Figure 6.

Effects of increasing rotational effects on the Goland wing (by varying the distance between the axis of rotation and the root of the wing) on flutter tip speeds, which are normalized with forward flight flutter speed.

Next, defining the axis of rotation at the root of the beam, the root locus for the first two modes (out-of-plane bending and torsion) in increasing angular velocities is shown in Figure 7. The roots are obtained from converting the eigenvalues of the discrete-time aeroelastic system into continuous time. Three cases are plotted with the first two corresponding to the Goland wing rotating about its root with tip speeds increasing from 80 m ⋅ s − 1 to 200 m ⋅ s − 1. The difference lies in the structural model where the second case is computed without gyroscopic effects. Also in the plot is the root locus for the Goland wind in straight flight from 80 to 170 m ⋅ s − 1 (without rotational effects). Comparing cases 2 and 3, it is evident that rotational effects in the UVLM, mainly caused by the linear variation of freestream from root to tip have a substantial effect in influencing the natural frequency of the torsional mode (the higher frequency mode) while having a very minor impact on the bending mode. When gyroscopic effects are also included on the structural equations (case 1), the frequency of the torsional mode is pushed even higher. In this last case, the first bending mode is also slightly increased.

Figure 7.

Root locus for the first two modes (out-of-plane bending and torsion) of Goland wing. Case 1, rotational effects in both UVLM and structural model (rotational tip speeds from 80 to 200 m ⋅ s − 1). Case 2, rotational effects accounted for in UVLM only (rotational tip speeds from 80 to 200 m ⋅ s − 1). Case 3, no rotational effects (rotational tip speeds from 80 to 170 m ⋅ s − 1).

Table 2. Natural frequencies of NREL 5-MW reference wind turbine blade computed in detail using SHARP.
ModeSHARP (Hz)Jonkman et al. (Hz) [49]
First blade flapwise0.6770.666
First blade edgewise1.0851.090
Second blade flapwise1.9571.934
Second blade edgewise4.005N/A
First blade torsion7.829N/A

4.2 Gust load alleviation on the NREL 5-MW reference wind turbine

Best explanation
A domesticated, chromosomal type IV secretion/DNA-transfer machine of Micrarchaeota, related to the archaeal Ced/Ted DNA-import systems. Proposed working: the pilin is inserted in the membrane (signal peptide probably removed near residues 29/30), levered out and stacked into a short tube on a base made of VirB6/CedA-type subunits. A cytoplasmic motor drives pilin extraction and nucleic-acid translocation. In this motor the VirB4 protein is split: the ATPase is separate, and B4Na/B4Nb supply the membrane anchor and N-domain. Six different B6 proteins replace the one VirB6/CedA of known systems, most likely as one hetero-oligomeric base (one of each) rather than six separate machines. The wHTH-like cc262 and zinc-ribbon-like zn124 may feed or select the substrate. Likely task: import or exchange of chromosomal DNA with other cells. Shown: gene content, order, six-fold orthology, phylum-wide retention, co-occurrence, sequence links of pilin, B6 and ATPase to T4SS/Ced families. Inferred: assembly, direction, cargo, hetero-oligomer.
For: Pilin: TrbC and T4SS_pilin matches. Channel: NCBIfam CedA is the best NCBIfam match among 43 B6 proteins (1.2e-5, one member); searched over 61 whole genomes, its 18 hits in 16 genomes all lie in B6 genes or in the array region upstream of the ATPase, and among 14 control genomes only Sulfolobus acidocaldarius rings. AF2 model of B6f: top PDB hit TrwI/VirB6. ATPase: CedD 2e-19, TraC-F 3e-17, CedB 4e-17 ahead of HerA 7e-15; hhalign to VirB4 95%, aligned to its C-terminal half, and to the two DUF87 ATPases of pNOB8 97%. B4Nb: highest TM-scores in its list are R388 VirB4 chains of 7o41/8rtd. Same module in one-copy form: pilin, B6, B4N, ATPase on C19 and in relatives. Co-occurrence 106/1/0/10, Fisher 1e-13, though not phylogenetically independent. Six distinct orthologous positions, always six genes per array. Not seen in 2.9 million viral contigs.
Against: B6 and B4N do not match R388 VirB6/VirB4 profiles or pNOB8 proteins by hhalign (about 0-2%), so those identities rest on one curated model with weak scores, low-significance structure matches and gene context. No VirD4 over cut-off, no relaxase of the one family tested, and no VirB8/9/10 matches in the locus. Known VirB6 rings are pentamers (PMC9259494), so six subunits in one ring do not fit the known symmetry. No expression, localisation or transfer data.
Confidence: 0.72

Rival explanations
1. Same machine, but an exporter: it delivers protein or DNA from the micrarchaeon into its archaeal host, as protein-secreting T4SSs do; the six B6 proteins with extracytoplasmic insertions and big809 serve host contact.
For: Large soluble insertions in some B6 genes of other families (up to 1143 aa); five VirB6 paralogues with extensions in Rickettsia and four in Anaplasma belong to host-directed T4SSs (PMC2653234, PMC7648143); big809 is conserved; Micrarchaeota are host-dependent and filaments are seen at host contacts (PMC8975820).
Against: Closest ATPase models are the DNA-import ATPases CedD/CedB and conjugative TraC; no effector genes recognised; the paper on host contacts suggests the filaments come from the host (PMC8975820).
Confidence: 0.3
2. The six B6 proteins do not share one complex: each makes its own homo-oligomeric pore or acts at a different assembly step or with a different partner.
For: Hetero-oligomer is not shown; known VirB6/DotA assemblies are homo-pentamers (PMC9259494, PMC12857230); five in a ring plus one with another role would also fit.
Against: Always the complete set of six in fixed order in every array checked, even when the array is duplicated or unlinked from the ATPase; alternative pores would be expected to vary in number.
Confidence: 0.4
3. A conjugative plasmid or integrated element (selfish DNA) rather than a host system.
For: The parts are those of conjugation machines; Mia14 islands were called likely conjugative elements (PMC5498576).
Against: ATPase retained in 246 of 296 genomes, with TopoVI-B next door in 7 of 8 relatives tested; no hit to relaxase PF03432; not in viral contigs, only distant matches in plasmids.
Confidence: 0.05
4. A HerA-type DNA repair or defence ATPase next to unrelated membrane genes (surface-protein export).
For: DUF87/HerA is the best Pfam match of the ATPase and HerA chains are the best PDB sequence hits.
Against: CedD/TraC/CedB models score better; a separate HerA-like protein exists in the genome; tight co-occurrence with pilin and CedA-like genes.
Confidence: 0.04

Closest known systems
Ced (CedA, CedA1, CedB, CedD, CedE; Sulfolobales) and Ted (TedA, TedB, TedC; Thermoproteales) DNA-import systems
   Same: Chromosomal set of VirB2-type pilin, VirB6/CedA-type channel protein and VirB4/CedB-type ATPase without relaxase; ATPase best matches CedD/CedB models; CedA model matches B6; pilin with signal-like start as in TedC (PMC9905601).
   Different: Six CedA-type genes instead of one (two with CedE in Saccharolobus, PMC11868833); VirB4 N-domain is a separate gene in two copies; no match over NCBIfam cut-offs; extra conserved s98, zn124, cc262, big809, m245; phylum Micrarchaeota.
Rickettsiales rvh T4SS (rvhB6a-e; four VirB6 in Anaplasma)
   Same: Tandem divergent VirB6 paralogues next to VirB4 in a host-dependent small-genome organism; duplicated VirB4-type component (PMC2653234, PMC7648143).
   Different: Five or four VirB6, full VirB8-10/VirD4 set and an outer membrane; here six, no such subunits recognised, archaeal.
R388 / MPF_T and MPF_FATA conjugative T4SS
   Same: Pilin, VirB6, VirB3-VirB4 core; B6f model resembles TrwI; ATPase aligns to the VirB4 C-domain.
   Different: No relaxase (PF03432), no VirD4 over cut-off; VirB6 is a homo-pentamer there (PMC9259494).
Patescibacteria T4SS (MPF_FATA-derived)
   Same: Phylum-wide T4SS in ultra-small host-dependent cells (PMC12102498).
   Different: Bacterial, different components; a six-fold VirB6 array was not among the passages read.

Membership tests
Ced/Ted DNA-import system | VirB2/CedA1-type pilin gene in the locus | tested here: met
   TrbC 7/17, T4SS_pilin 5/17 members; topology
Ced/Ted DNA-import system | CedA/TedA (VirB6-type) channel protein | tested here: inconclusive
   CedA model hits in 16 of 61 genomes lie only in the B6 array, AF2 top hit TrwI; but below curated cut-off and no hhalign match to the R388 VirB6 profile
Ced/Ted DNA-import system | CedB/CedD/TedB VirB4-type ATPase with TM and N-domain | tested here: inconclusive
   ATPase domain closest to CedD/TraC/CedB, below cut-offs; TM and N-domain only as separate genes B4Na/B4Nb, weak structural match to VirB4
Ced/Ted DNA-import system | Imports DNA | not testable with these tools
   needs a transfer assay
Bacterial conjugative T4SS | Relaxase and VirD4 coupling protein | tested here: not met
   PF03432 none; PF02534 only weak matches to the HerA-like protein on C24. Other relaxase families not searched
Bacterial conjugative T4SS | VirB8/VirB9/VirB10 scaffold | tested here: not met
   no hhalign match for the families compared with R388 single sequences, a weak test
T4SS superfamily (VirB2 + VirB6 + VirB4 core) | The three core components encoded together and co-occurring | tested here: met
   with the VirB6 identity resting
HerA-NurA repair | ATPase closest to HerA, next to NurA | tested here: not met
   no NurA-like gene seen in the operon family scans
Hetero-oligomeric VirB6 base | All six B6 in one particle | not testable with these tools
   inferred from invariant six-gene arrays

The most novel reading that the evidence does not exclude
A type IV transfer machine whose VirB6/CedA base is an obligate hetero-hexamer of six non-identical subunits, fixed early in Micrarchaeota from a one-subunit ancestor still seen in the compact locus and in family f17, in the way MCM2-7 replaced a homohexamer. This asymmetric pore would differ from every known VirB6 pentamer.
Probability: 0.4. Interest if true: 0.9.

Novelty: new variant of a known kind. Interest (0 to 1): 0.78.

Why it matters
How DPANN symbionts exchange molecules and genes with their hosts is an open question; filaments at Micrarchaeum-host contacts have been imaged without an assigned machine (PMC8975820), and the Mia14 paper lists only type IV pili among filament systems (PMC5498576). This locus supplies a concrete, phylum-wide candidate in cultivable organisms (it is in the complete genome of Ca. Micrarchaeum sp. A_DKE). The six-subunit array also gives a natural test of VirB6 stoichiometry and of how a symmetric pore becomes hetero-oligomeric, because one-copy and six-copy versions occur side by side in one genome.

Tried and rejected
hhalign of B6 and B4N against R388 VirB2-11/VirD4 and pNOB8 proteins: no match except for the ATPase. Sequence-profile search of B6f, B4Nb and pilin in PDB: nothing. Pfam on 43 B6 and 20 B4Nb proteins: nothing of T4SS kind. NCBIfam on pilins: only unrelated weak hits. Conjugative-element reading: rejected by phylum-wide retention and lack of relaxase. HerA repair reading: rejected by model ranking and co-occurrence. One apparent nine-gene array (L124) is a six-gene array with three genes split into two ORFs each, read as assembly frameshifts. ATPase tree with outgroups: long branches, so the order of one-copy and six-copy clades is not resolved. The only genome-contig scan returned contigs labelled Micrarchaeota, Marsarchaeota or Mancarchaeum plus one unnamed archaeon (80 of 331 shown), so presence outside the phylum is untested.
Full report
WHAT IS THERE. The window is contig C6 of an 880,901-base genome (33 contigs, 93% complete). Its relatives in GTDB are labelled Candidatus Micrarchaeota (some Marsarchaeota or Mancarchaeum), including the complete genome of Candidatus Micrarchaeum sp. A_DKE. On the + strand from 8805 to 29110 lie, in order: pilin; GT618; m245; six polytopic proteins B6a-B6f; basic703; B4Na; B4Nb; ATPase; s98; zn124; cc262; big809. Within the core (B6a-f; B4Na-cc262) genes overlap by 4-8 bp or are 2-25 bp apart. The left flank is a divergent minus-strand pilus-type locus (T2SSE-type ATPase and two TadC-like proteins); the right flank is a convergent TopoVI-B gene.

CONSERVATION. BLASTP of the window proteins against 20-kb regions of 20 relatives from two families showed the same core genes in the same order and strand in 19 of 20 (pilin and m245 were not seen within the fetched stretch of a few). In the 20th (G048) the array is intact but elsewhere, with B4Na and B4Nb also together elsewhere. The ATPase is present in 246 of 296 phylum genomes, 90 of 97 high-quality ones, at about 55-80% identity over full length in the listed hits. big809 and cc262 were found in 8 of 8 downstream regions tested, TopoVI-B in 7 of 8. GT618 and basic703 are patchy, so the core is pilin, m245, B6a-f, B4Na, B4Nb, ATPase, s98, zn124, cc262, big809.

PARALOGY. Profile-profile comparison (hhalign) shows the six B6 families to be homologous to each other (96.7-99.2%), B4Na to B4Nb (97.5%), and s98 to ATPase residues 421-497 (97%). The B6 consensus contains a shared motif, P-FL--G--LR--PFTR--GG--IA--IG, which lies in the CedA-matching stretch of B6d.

The NREL 5-MW reference wind turbine was developed to support conceptual studies aimed at accessing offshore wind technology and has been widely adopted as a benchmark case for the aeroelastic analysis and design of large flexible wind turbines [4, 47, 48]. Using the structural formulation described earlier, the NREL 5-MW reference wind turbine blade is modeled as a beam with 48 elements and the cross-sectional properties described in Jonkman et al. [49]. The computed natural frequencies are shown in Table 2 and match closely to those in Jonkman et al. [49]. The first torsional mode is also close to the 8 Hz reported by Hansen [47] and Bak [50].

For the aerodynamics model, vortex panels are placed on the outer 85% span of the blade, and a helicoidal wake profile [51], ignoring wake roll-up, is prescribed to enable a linear UVLM representation as shown in Figure 8. Each row of wake denotes the spanwise locations swept by the trailing-edge panels of the blade at each rotating time instant, forming a helicoidal shape. The inboard segment of the blade with cylindrical cross-sections is not modeled here but can be included as additional drag forces. To test the concept of active controls on the aeroelastic model and also remove complexities in the load analysis, a single blade is presented in this study, but the aeroelastic model is easily extendable to the full rotor. Wind shear can also be implemented through cyclic downwash on the blade according to its azimuth location during rotation, and rotor yaw can be accounted for by prescribing a shed rotor wake angle. The additional aerodynamic forces as a result of the pre-twist in the NREL 5-MW reference wind turbine can be modeled as additional downwash on the lifting surface. To account for the hub, the coupled model is offset away from the axis of rotation by 1.5 m.

Figure 8.

Aerodynamic model of NREL 5-MW reference wind turbine blade with prescribed helicoidal wake. (For the purpose of clarity in visualization of wake profile, only two chordwise panels are used to generate the figure).

A parametric study revealed that a spanwise discretization of 10 panels, chordwise discretization of five panels and five wake chords, is sufficient to capture the most interesting dynamics, with a linear interpolation selected for the structural finite element discretization. This corresponds to a total of 921 states, including the additional states introduced by the turbulence filter, double integrator and wake convection.